Most people have either been to or heard of restaurants like Rain Forest Café or The Aquarium which feature many large aquariums throughout the store. Catfish City was one man’s attempt to do this on a budget in our town…and we did a pretty good job of it!!
This restaurant had 8 large freshwater aquariums. I will try to list them the best my memory will allow. (The restaurant closed down in 2009 – 3 years after it opened)
The following tanks were all 1 ft wide by 2 ft tall. They were used as wall dividers next to booths.
- 11 ft
- 10 ft
- 20 ft
- 17 ft
- 17 ft
There were also two 300 gallon seamless cylinder tanks 4 ft W X 4 ft H
The largest tank was a 4000 gallon tunnel tank that customers walked through to leave the restaurant. This tank was built on site and encased in concrete and steel. I then built all of the artificial reef inside of the tank using the same epoxy that zoos and other places use to make artificial trees, etc. The artificial corals came from a decoration company in Florida.
I spent a week inside of the tank creating the artificial reef. I stacked several concrete blocks for the base of the reef. On top of that, I placed fiberglass window screen as the base of the reef rock. On top of that, I smeared the epoxy giving it the texture of rock. Some of the corals were built into this. After that dried, I used several colors of regular spray paint to color the epoxy…which worked well. I sat the rest of the coral decorations on the ledges that I built into the reef.
The filtration system was an Aqua Ultraviolet bead filter. Water changes were done with the turn of a couple of valves. Every once in a while, I would have to put on a dive skin and mask to do maintenance inside of the tank….which I didn’t like to do. I kept a large magnetic algae scraper on the acrylic tunnel and cleaned it with that.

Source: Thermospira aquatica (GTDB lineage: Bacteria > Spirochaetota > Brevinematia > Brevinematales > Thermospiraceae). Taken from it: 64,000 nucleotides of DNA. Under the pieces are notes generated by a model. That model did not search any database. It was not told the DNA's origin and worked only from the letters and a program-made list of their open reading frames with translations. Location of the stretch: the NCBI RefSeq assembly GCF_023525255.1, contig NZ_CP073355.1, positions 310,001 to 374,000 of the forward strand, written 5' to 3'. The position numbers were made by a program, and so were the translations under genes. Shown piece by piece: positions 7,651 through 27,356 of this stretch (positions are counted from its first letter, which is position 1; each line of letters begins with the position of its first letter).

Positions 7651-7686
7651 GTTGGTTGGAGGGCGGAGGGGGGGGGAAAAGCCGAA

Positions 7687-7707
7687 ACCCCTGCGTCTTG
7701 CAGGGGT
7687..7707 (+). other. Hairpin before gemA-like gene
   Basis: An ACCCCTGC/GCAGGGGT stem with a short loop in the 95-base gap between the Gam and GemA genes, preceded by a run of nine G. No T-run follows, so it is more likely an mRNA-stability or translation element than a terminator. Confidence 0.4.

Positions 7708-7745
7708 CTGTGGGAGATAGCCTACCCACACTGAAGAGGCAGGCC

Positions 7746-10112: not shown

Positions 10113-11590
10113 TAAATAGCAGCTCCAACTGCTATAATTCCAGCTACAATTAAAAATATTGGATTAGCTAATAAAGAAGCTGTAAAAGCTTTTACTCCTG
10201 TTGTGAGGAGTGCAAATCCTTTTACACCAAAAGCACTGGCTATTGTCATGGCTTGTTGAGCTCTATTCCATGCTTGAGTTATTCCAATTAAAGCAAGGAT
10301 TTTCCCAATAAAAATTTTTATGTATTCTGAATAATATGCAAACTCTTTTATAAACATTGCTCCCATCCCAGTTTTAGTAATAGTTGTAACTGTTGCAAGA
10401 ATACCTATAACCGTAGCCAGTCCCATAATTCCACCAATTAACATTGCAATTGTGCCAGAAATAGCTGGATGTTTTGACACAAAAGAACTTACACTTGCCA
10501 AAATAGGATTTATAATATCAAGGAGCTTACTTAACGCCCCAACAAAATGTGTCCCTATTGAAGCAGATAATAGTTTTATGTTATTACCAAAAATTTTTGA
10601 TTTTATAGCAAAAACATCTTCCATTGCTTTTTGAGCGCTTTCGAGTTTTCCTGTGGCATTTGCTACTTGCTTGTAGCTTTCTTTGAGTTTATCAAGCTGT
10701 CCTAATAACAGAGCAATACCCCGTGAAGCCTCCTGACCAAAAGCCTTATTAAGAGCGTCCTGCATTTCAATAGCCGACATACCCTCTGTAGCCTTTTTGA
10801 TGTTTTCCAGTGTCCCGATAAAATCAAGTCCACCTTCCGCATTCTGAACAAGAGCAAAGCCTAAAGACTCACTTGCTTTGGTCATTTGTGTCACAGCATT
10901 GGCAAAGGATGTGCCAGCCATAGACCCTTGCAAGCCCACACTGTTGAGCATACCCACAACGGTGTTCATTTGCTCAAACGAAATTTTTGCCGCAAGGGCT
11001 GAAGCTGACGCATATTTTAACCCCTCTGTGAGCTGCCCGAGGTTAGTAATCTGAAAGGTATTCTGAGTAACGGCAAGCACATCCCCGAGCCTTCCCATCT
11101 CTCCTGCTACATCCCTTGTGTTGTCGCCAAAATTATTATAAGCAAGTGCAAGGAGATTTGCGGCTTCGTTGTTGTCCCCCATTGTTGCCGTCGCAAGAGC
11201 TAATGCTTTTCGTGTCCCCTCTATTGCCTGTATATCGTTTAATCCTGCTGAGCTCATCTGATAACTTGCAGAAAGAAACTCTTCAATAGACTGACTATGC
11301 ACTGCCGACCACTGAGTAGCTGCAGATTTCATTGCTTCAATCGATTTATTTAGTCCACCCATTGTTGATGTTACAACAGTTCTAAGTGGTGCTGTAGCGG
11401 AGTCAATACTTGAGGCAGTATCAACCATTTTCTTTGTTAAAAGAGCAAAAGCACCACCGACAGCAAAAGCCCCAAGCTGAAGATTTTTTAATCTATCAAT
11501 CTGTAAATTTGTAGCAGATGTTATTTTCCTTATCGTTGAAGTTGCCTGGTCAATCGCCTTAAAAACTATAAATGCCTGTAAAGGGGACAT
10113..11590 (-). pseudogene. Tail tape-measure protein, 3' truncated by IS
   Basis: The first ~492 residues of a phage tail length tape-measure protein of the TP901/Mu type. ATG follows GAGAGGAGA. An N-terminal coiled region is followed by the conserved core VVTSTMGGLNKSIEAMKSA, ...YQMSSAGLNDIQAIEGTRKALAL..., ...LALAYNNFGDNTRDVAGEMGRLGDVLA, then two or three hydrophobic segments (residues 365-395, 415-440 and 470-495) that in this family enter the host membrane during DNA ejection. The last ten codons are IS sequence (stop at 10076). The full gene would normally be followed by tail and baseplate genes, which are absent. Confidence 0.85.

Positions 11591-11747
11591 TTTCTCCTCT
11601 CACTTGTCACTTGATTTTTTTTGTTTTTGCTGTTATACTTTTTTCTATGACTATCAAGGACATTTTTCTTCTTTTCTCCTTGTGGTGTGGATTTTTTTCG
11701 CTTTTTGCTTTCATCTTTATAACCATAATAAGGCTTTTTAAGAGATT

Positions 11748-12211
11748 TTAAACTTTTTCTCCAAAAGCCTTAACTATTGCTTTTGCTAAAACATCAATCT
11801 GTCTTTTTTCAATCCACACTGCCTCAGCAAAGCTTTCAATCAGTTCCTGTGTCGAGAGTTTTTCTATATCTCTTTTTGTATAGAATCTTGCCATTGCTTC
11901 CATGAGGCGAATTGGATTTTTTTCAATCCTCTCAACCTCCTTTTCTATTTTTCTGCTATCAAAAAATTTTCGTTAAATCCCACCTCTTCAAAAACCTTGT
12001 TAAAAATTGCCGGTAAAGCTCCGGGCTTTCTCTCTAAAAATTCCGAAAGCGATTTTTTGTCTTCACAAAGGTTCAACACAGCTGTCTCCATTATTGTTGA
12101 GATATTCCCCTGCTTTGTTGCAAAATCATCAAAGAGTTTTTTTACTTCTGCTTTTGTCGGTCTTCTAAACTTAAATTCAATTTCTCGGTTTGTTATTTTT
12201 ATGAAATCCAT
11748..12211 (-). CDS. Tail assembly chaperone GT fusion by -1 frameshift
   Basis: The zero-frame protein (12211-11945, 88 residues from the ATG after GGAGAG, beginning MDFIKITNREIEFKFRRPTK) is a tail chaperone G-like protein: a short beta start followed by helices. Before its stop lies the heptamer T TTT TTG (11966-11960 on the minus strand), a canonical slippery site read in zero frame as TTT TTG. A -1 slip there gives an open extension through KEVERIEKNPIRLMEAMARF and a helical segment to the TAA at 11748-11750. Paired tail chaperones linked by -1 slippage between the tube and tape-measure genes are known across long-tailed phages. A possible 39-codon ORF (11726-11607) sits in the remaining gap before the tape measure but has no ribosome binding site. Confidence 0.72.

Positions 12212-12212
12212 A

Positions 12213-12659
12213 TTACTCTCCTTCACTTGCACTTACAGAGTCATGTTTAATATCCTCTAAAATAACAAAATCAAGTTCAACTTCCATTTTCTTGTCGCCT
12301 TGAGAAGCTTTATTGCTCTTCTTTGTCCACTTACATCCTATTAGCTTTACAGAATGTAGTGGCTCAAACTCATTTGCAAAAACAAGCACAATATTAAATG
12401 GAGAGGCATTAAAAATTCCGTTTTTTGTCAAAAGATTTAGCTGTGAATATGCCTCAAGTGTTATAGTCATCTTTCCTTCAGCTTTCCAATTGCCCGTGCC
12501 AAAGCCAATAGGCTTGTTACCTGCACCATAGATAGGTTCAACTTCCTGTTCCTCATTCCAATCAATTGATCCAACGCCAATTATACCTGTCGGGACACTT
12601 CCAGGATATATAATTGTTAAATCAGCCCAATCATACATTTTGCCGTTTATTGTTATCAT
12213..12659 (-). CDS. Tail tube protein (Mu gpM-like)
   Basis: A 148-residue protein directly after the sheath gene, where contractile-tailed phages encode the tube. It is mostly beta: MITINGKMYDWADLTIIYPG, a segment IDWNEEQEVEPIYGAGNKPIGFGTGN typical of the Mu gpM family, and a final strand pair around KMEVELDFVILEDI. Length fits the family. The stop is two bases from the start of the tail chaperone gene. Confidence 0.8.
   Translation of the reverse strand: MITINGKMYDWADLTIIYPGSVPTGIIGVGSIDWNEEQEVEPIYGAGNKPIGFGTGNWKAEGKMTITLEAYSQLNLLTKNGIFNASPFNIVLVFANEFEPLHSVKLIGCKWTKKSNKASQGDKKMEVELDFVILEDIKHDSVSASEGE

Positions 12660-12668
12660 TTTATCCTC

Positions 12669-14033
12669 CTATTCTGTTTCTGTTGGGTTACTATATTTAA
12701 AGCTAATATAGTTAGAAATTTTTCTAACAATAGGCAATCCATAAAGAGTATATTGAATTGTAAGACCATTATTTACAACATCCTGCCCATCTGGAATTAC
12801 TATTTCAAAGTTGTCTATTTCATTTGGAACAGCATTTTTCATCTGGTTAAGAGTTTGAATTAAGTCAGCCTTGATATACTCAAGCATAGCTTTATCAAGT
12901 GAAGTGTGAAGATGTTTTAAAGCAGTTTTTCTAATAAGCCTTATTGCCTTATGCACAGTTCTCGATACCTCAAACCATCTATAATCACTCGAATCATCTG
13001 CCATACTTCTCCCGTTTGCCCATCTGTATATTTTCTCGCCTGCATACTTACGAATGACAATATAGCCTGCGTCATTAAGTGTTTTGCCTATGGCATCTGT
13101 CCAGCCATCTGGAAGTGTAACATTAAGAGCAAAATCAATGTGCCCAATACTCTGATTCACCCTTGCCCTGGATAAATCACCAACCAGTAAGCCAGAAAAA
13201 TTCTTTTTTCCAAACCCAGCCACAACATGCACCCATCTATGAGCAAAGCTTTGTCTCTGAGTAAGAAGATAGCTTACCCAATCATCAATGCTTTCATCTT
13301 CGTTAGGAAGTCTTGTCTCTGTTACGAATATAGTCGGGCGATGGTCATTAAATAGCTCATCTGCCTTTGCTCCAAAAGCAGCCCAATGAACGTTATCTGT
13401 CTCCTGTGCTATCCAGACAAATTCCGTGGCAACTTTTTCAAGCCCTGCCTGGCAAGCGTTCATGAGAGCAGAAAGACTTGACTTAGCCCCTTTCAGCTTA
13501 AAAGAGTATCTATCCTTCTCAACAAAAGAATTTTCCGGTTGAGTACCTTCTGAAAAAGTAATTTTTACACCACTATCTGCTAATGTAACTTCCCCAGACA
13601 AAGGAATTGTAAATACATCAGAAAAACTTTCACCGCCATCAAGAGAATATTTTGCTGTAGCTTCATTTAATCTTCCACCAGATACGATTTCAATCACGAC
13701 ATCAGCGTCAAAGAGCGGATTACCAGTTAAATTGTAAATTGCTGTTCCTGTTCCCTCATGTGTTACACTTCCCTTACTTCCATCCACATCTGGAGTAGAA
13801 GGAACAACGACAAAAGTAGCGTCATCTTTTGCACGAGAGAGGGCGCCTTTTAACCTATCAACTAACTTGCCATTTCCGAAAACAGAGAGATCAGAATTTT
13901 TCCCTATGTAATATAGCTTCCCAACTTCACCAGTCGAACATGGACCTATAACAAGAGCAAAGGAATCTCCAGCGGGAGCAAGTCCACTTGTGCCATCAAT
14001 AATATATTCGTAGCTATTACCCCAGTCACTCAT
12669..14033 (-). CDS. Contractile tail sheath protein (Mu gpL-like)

Most of the fish in the restaurant were African cichlids. This gave it the saltwater color but with the freshwater price.
There were over $250,000 worth of aquariums in this restaurant. Unfortunately, the restaurant didn’t make it and closed about 3 years after opening. The building was bought a year later and the contents were sold at auction. I actually bought the $100,000 tunnel tank for $750. Since it was encased in concrete, though, nothing could be done with the tank itself. I salvaged the filter system, the coral decorations and the concrete blocks from the tank. I used a circular saw to cut a hole in the acrylic tunnel to get them out. I also used a hammer to destroy to the artificial reef that I spent a week building to get the blocks out. As painful as it was, I’m glad I was the one who got to do it. The rest of the tank was razed.
This will always be my signature tank, because I’m too old to do it again!!